Arizona State's best player is headed to Kansas. Georgia's best player is headed to Kentucky, which has landed more incoming transfers than Hartsfield International Airport.
It's happening everywhere, and like everything in college sports, the rich appear to get richer.
But the transfer portal is also creating a cavalcade of catcalls, a bevy of boos, an overflow of 'Oh No's' because it 'violates the nature of college sports.'
Please. Just stop.
The essence of college sports is not in gyms in Lexington or Lawrence or stadiums in Clemson or College Station. Playing for the ol' college try is the exception these days in big-time college sports.
So stop it with the Hallmark cards and the made-for-TV movie nostalgia.
Stop it Dick Vitale.
Stop it millionaire celebrity coaches who are irate that they have adjusted their my-way-or-the-highway, only-way-kid-gets-to-the-League-is-through-me status quo.
Stop it pearl-clutching college basketball fans who bemoan the shark-infested waters that has become the NCAA transfer portal (aka college basketball free agency/aka college basketball equality for labor to management). Those waters have been choppy and shark-infested for decades, we just chose not to notice until it negatively affects our favorite team. (Have you noticed the teams that get the transfers, well, their fans are not that upset about it? And if you want to talk about fairness in college sports, well, give me one area of major to even mid-major college sports that is regulated with the idea or goal of fairness?)
I can't speak about the perspective of Vitale because, while we're both technically in the same field, we're far from the same level. And of course I can't speak for the millionaire coaches out there, who have the rights to look for better opportunity around the corner, have guaranteed contracts (something that most NCAA scholarships are not since they are year-to-year deals, and if you do not fit into the plans of next season, well, they can be year-to-tear pacts), and provide grand lifestyles for their families.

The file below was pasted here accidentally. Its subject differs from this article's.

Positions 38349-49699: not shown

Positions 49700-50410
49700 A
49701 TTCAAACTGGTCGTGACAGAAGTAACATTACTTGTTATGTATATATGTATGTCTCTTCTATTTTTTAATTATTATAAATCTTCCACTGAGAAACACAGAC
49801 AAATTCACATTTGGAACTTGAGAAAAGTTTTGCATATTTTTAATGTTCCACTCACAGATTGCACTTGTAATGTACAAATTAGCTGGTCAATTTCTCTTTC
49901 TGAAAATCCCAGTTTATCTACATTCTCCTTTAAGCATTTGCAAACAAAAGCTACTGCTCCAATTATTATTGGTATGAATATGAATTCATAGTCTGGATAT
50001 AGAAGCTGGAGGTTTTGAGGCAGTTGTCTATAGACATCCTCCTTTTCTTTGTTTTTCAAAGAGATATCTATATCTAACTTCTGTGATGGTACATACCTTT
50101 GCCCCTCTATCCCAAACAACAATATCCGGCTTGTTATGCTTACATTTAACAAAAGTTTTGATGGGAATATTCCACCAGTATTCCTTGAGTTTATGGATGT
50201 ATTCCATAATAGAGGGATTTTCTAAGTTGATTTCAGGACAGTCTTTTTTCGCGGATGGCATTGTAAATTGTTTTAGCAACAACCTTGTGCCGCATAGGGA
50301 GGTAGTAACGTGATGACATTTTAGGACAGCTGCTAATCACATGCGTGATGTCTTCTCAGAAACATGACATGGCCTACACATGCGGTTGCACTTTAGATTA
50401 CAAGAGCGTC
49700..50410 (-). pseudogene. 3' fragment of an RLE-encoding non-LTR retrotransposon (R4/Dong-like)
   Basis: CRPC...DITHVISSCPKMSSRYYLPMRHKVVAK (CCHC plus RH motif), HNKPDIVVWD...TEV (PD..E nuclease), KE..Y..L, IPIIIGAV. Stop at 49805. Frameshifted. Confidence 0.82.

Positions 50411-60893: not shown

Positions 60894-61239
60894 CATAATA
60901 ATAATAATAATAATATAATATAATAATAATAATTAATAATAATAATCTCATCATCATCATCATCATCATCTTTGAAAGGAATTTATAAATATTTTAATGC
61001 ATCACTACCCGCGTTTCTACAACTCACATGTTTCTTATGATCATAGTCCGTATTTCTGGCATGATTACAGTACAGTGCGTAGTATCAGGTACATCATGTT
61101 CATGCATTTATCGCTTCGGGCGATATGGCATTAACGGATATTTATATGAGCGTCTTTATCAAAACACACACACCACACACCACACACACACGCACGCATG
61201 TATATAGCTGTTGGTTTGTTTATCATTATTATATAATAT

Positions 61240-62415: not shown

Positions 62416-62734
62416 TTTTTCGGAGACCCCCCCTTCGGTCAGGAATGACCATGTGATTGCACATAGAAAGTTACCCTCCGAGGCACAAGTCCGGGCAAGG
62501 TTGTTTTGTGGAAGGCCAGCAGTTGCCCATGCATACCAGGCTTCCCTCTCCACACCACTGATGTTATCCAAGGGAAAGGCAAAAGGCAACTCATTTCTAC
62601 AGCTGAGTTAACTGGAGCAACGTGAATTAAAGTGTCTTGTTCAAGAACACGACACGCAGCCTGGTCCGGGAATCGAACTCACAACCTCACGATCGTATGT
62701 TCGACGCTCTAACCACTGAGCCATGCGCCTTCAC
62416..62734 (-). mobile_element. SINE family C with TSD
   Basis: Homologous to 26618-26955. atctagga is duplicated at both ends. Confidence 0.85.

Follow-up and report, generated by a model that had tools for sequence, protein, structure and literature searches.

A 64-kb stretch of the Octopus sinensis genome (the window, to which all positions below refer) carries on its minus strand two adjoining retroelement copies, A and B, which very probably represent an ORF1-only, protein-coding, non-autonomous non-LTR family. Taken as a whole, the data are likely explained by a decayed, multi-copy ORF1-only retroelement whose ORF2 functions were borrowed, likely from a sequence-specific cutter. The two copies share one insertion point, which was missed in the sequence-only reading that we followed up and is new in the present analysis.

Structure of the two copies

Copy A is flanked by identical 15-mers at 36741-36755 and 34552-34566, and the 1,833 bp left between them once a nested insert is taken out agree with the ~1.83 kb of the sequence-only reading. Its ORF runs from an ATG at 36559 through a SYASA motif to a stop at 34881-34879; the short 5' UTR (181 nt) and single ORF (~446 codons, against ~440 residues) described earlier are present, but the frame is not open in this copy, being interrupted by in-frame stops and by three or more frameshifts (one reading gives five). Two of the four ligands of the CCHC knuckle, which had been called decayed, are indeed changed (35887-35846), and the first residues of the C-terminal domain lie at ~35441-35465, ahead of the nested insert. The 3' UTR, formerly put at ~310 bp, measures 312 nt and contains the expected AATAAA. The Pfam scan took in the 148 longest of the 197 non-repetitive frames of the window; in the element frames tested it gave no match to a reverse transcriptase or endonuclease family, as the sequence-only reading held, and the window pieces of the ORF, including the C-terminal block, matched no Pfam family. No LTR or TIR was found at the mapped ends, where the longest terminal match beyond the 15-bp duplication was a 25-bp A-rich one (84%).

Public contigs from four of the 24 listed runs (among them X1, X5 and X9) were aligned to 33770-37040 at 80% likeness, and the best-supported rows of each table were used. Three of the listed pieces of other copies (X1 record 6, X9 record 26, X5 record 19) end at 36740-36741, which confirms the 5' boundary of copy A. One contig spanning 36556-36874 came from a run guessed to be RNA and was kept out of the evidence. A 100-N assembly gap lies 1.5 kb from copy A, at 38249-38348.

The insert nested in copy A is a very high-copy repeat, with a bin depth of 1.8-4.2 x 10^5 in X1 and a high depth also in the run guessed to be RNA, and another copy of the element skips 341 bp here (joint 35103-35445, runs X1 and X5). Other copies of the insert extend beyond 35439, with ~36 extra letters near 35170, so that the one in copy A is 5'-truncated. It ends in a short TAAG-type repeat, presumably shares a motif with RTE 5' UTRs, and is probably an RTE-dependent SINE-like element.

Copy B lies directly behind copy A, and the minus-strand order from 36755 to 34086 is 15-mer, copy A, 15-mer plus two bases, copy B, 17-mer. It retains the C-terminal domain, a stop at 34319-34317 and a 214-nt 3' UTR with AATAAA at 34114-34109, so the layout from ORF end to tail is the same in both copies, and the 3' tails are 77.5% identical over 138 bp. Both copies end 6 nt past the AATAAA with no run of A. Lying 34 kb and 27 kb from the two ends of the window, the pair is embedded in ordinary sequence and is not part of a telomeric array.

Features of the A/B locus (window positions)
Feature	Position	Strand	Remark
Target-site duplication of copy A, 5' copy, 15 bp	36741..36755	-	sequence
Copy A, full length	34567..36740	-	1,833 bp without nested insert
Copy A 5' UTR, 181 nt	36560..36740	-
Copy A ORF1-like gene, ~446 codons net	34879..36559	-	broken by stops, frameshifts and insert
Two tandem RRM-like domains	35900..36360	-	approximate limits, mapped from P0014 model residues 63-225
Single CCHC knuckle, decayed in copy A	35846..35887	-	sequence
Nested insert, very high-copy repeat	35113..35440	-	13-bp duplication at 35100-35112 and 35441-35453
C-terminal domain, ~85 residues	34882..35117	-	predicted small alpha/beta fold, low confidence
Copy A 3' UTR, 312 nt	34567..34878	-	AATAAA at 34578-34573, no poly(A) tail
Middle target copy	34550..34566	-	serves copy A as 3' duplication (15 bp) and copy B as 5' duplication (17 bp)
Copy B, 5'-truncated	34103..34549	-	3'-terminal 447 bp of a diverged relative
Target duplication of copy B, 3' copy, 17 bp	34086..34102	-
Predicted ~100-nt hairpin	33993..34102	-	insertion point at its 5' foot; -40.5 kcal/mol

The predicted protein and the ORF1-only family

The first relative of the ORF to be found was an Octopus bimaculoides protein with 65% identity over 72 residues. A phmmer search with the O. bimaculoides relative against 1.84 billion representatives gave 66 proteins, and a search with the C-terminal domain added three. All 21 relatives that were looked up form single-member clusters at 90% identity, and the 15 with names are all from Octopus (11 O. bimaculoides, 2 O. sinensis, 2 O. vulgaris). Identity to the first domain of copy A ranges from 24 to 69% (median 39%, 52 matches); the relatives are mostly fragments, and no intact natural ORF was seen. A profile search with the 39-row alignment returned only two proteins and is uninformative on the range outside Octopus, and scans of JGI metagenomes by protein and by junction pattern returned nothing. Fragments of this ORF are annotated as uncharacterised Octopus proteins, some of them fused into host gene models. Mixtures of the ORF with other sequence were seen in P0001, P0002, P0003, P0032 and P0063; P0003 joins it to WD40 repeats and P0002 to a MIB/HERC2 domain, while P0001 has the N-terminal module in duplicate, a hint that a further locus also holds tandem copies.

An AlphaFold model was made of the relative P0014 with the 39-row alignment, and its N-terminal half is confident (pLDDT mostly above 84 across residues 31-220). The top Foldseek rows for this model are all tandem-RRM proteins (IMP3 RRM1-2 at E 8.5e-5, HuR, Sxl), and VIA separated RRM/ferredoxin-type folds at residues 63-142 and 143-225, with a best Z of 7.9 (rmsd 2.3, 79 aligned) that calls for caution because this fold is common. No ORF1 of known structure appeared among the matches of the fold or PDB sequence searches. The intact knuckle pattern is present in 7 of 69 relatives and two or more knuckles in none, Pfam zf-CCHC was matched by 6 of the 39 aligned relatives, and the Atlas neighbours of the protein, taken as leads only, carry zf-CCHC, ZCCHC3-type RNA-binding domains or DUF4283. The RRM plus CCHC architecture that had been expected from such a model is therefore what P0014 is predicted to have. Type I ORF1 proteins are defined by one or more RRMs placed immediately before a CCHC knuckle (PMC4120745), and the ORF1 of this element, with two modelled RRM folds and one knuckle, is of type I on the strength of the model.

I can, however speak for the pearl-clutchers who long for the 'good ol days of four-year players and traditional powers facing on Big Monday and the conference tournament mattering and no one caring about improper benefits. (Well that part has changed).
Here's the deal friends, the toothpaste is out of the tube. It's like longing for the extra-wide newspaper with the 28-page Sunday sports section. (This I know a little bit about.)
It's gone and it's never coming back. And the angst you feel should not be at the players, it should be at the NCAA leaders who have Chicken Little-ed every problem coming down the pike and got into the fetal position and hoped the problem would somehow, some way go away.
It hasn't and without any type of structure or regulation, it's become worse. The conferences are regulating themselves — which sooner rather than later will cause the conferences to ask why do they need the NCAA at all — and the unforeseen issues that do not affect those conferences are going uncovered and ignored.
That's line item 14,509 on the list of things Mark Emmert has done or not done to forever damage college sports.
I'm not sure who coined this phrase many decades ago, but I'm not sure it's ever been more applicable than to describe the Dickie Vs and the folks up in arms about the transfers moving across college sports.
Don't hate the players; hate the game.
(And love Dickie V or loathe him, and there are a lot of us who do both because his announcing is God awful but he's a sweetheart of a man, his boot-licking to scumbag coaches likes Bobby Knight and Rick Pitino give him zero credibility in terms of the 'purity' of the game and the essence of college basketball in my mind.)
This and that
— Here's today's A2 in which I catch up with longtime former US Congressman Zach Wamp and discuss the growing divide in the Republican Party and the perils of picking person over party. (Yeah, I'm willing to bet you can guess that person.)